Congratulatory cheerleading and wise whimsy to celebrate accomplishments of all sorts.


From the Cosmic Adventures of Astrid and Stella (a Hello!Lucky Book) series

Go ahead. Judge this book by the cover.

On a softly psychedelic background, a cartoon-style tiger greets readers with a wonderfully cheesy smile that is every orthodontist’s dream. A sticker reads: “The PERFECT gift for every milestone!” In text uniformly presented in the second person, each spread inside gives readers a boost. “Because you’re / FIERCE. / A rising star! / You’ve earned your stripes. / You’ve come so far! / No matter who you choose / to be, you’ll be / TERR-IFIC. / Wait and see!” (Even though the text is in verse, it’s not always laid out accordingly.) Readers are encouraged to “find your place” and to “do your part” but also to “be humble,” to “land on your paws” in times of trouble, to help new friends, and to “use your strength to shine a light / on what is wrong and what is RIGHT.” A white tiger with multicolored stripes encourages further growth: “To your spirit you’ll stay true, never sorry to be you. / But CHANGE YOUR STRIPES / if they don’t suit you. / Dare to swap them—we’ll salute you.” Most spreads contain a complete four-line rhythmic and rhyming stanza in second person. A variety of other animals join the tiger in its shining moment. The book’s open commercial appeal doesn’t mask its effectiveness.

Congratulatory cheerleading and wise whimsy to celebrate accomplishments of all sorts. (Picture book. 4-8, all ages)

Pub Date: March 10, 2020

ISBN: 978-1-4197-3964-4

Page Count: 32

Publisher: Abrams Appleseed

Review Posted Online: Dec. 22, 2019

Kirkus Reviews Issue: Jan. 15, 2020

Did you like this book?

No Comments Yet

Hee haw.

Reader Votes

  • Readers Vote
  • 36

Our Verdict

  • Our Verdict
  • GET IT

  • IndieBound Bestseller


The print version of a knee-slapping cumulative ditty.

In the song, Smith meets a donkey on the road. It is three-legged, and so a “wonky donkey” that, on further examination, has but one eye and so is a “winky wonky donkey” with a taste for country music and therefore a “honky-tonky winky wonky donkey,” and so on to a final characterization as a “spunky hanky-panky cranky stinky-dinky lanky honky-tonky winky wonky donkey.” A free musical recording (of this version, anyway—the author’s website hints at an adults-only version of the song) is available from the publisher and elsewhere online. Even though the book has no included soundtrack, the sly, high-spirited, eye patch–sporting donkey that grins, winks, farts, and clumps its way through the song on a prosthetic metal hoof in Cowley’s informal watercolors supplies comical visual flourishes for the silly wordplay. Look for ready guffaws from young audiences, whether read or sung, though those attuned to disability stereotypes may find themselves wincing instead or as well.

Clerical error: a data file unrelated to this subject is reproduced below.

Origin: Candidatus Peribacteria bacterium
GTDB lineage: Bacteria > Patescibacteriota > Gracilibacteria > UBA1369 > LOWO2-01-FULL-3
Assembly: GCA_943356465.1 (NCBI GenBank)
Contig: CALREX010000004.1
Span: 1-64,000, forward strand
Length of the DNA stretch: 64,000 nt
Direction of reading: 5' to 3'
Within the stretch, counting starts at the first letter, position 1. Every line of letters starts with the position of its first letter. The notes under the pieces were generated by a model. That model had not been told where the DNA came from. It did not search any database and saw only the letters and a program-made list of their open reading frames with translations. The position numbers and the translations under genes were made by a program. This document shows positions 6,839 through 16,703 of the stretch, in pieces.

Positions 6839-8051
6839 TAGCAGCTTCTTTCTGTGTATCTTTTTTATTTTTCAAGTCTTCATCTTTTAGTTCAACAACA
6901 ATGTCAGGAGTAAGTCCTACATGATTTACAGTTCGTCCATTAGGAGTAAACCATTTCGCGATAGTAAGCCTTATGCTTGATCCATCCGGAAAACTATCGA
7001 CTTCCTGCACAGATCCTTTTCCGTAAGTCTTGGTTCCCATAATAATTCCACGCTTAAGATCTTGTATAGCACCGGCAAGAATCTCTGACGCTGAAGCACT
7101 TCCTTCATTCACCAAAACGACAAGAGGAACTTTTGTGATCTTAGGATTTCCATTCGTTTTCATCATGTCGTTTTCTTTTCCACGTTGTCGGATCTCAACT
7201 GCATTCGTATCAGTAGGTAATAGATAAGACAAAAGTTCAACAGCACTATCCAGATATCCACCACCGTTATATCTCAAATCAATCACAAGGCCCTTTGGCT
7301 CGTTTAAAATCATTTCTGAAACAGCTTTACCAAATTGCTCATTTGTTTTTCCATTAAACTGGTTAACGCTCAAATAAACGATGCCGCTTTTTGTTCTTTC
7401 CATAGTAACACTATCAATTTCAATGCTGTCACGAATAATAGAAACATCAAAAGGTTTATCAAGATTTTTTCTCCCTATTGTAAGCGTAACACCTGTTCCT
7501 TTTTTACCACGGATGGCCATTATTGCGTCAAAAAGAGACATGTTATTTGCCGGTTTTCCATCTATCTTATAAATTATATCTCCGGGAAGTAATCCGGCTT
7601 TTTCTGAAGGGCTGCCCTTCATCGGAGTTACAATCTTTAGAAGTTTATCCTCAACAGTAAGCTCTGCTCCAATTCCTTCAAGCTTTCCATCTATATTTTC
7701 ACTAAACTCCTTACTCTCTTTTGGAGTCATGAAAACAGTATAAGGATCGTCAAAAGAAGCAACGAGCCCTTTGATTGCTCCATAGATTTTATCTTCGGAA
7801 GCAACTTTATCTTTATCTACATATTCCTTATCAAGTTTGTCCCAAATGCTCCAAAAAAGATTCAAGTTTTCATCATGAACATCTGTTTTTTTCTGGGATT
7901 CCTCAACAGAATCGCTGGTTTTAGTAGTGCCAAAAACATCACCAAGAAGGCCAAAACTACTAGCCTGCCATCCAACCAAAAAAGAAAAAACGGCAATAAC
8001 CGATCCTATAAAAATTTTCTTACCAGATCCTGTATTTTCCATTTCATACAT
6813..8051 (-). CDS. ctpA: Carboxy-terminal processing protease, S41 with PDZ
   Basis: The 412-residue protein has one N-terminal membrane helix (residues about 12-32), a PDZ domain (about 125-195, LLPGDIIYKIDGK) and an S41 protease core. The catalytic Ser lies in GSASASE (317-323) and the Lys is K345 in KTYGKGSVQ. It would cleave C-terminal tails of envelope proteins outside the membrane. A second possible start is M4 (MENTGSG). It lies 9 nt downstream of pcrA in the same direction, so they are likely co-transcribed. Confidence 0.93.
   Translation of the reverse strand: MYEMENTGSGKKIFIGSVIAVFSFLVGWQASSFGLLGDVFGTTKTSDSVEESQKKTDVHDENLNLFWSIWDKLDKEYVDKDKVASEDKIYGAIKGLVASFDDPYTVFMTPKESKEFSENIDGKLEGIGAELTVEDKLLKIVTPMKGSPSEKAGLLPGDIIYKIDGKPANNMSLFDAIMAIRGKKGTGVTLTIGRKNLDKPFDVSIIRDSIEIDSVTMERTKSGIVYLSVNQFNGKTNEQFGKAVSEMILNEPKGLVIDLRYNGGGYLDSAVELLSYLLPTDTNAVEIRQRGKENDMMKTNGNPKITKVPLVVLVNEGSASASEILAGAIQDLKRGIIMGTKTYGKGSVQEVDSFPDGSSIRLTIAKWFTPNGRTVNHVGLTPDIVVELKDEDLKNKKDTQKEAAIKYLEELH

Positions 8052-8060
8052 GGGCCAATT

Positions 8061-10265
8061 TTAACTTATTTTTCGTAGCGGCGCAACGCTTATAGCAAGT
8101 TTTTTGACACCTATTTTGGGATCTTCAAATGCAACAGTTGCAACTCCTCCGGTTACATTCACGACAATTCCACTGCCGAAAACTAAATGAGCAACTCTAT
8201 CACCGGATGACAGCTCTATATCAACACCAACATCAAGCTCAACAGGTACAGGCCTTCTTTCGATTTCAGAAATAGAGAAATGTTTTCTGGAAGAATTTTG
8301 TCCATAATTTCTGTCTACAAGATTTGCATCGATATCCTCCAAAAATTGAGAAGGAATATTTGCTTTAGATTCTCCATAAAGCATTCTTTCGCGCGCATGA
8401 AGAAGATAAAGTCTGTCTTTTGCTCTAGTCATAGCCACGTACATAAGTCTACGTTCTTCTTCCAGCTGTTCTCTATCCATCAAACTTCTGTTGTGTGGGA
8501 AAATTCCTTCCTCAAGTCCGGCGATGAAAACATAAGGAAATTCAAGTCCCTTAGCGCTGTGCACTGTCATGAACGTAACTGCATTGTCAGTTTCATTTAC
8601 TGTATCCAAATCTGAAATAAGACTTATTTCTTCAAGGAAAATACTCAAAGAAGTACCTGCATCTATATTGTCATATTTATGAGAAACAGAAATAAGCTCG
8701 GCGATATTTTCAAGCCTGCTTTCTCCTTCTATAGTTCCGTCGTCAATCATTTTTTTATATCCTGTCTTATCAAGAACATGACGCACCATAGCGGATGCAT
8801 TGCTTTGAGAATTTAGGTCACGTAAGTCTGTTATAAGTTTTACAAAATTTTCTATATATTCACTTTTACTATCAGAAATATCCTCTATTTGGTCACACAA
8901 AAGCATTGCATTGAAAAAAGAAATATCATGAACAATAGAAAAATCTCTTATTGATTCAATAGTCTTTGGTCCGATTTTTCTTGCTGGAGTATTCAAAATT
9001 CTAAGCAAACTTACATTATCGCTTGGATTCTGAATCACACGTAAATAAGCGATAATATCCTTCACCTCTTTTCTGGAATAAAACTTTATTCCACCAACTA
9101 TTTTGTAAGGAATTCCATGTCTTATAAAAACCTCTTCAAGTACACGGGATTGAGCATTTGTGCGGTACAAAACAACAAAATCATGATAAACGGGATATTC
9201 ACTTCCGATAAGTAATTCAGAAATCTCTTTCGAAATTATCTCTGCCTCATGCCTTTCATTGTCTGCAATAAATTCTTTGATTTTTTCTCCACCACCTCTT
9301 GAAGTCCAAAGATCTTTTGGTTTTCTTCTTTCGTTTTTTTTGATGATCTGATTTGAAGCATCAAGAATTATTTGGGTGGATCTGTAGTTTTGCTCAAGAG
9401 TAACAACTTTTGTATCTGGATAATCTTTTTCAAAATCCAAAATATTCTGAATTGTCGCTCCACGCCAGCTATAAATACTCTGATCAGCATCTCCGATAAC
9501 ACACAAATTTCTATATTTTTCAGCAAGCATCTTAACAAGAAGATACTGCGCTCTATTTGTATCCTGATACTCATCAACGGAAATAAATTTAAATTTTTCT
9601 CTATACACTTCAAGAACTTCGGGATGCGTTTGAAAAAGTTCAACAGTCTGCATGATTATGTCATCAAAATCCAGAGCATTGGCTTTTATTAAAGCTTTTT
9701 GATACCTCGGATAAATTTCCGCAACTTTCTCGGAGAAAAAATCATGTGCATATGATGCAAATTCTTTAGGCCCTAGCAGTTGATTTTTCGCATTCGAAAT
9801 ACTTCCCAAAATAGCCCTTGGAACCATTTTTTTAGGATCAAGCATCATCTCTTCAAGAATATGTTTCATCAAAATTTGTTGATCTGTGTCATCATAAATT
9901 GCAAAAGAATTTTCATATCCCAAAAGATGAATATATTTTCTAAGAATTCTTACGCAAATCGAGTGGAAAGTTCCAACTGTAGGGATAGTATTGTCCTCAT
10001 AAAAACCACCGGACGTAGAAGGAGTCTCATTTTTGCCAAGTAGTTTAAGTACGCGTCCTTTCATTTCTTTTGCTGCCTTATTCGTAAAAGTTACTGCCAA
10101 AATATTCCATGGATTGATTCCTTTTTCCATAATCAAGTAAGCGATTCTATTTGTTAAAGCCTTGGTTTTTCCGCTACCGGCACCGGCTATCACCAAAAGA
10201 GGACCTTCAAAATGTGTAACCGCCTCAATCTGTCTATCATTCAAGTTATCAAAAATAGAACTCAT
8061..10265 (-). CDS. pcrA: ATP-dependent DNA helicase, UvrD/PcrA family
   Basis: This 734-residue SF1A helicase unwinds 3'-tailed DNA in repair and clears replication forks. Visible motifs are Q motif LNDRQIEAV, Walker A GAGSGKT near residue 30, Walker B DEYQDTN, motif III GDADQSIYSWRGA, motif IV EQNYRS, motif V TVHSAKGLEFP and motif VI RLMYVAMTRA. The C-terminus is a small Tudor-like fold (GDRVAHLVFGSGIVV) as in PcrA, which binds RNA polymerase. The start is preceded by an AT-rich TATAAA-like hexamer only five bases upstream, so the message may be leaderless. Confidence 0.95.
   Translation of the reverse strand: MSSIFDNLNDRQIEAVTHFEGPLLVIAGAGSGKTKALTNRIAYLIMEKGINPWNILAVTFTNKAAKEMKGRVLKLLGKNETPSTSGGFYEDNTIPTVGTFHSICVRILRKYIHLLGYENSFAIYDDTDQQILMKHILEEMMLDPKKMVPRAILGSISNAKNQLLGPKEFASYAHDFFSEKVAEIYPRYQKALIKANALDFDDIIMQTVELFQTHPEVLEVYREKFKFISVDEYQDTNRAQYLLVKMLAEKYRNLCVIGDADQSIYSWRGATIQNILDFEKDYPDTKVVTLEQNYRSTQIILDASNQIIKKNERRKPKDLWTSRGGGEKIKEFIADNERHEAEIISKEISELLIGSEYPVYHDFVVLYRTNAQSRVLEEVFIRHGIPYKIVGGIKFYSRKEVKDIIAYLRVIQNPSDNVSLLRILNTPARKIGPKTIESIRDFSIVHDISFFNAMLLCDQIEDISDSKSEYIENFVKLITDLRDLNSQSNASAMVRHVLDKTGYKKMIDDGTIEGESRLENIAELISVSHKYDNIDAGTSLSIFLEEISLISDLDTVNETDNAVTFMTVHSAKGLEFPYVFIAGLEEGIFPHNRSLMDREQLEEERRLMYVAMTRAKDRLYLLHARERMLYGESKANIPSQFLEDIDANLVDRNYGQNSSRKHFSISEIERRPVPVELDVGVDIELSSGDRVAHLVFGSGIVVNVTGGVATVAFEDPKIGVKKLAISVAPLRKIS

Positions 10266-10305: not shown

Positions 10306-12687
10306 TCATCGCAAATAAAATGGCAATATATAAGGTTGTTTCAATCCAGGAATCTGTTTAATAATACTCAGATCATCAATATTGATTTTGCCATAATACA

Hee haw. (Picture book. 5-7)

Pub Date: May 1, 2010

ISBN: 978-0-545-26124-1

Page Count: 26

Publisher: Scholastic

Review Posted Online: Dec. 29, 2018

Did you like this book?

While this is a fairly bland treatment compared to Deborah Lee Rose and Carey Armstrong-Ellis’ The Twelve Days of...


Rabe follows a young girl through her first 12 days of kindergarten in this book based on the familiar Christmas carol.

The typical firsts of school are here: riding the bus, making friends, sliding on the playground slide, counting, sorting shapes, laughing at lunch, painting, singing, reading, running, jumping rope, and going on a field trip. While the days are given ordinal numbers, the song skips the cardinal numbers in the verses, and the rhythm is sometimes off: “On the second day of kindergarten / I thought it was so cool / making lots of friends / and riding the bus to my school!” The narrator is a white brunette who wears either a tunic or a dress each day, making her pretty easy to differentiate from her classmates, a nice mix in terms of race; two students even sport glasses. The children in the ink, paint, and collage digital spreads show a variety of emotions, but most are happy to be at school, and the surroundings will be familiar to those who have made an orientation visit to their own schools.

While this is a fairly bland treatment compared to Deborah Lee Rose and Carey Armstrong-Ellis’ The Twelve Days of Kindergarten (2003), it basically gets the job done. (Picture book. 4-7)

Pub Date: June 21, 2016

ISBN: 978-0-06-234834-0

Page Count: 32

Publisher: Harper/HarperCollins

Review Posted Online: May 4, 2016

Kirkus Reviews Issue: June 1, 2016

Did you like this book?

No Comments Yet